Today, when you make a film that asks the audience to sit up and think, you must warn them in advance,’ Mathieu Kassovitz, the young French actor, and director of La Haine, tells me. ‘You must make them sit up and think before they even buy a ticket. You need people to look at the poster and go, “What the %$#@ [expletive masked]* is that?” When that happens, you have them half way into the cinema already.’

Source: Amen: The last word on Hitler and the Pope | Film | The Guardian
*[commentary by Uncontrolled Opposition]

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Amen | Film | The Guardian
Sixty years on and the second world war, so very far from receding into the collective unconscious, seems more vivid and real than it has ever been. Books pour off the presses, conservative and revisionist, most recently Antony Beevor’s research indicting Russian troops’ mass rape of German women. Always, the Holocaust is a vital part of this scholarly activity: the war’s ultimate moral centre of debate.

In the cinema, there is an almost equal interest. In May, the Cannes Palme d’Or was awarded to Roman Polanski’s The Pianist, about the Nazi genocide. Now Constantin Costa-Gavras has brought his distinctive passion for exposing state complicity and corruption to the subject, by adapting Rolf Hochhuth’s play Der Stellvertreter, or The Representative, about the silence of the Vatican and Pope Pius XII about the mass extermination of Jews.

Source: Amen | Film | The Guardian


Amen (2003) – Rotten Tomatoes
Movie Info
Two systems: the Nazi machine versus the Vatican and Allied diplomacy. Two men are struggling from the inside: On one side, Kurt Gerstein, a real-life chemist and SS officer, supplies the death camps with zyklon B while he tirelessly denounces the crimes and alerts the Allies, the Pope, the Germans and their churches of their murderous policy against the European Jews. Kurt does this at his own risk, and at the risk his family’s welfare and safety. On the other side, Ricardo Fontana, a young Jesuit, is a fictitious character who represents all the priests, who were determined to struggle against savagery; many of them paying for their courage with their lives. Countless priests, some known, others anonymous, were simply not content to live with the silence of their church’s hierarchy vis-à-vis the Nazi machine.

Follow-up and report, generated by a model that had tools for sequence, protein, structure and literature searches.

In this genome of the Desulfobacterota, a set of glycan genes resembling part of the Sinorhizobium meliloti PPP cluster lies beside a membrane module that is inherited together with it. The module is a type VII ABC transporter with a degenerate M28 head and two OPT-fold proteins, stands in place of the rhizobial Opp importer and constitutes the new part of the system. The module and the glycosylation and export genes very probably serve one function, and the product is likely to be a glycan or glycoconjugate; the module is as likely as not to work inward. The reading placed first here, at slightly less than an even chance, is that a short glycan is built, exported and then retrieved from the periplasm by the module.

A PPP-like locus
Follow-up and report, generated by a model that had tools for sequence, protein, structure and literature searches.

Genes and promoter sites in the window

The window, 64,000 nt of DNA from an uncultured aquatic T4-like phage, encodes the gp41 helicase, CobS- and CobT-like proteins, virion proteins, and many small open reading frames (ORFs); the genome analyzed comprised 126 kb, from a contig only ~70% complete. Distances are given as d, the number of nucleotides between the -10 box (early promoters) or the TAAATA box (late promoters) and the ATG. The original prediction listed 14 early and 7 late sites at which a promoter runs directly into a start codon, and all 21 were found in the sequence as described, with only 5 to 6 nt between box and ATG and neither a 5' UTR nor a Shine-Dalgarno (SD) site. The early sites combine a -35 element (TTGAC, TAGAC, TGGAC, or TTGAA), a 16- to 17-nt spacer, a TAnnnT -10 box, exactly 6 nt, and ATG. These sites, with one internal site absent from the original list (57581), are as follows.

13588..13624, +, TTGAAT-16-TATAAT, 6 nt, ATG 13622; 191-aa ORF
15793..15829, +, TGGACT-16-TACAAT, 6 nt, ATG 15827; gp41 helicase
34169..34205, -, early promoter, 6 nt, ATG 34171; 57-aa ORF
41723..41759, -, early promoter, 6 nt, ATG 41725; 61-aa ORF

Source: Amen (2003) – Rotten Tomatoes


The Jewish Channel — Connect With Your Culture. Jewish Television on Cable.
About the Film: A truth-based thriller that weaves a riveting tale of moral and religious conflict from Oscar-winning director Costa-Gavras, Amen is the story of an SS officer who fought to stop Hitler’s genocide. Lieutenant Kurt Gerstein was a chemist who ordered Zyklon B to purify the German water supply; when he found it was being used to gas Jews and Gypsies, he determined to make it stop.

“If it costs 15,000 marks to build one house for a working class family,” Gerstein’s young daughter reads steadily from her math book, “and it costs six million marks to build one insane asylum, how many working class houses can you build for the cost of one insane asylum?” In Nazi Germany even elementary school textbooks were used as a tool to brainwash society into seeing the utility of eliminating people for economic efficiency.

With no notable Jewish characters, Amen offers a rare perspective on the Holocaust, focusing instead on the behind-the-scenes diplomacy that allowed the genocide to happen. Avoiding the imagery of starving inmates and gruesome lineups so common in Holocaust movies, Amen is, at bottom, the tale of two gentiles, miffed by politics and bureaucracy, working their hardest and risking their lives to save the Jews.

Source: The Jewish Channel — Connect With Your Culture. Jewish Television on Cable.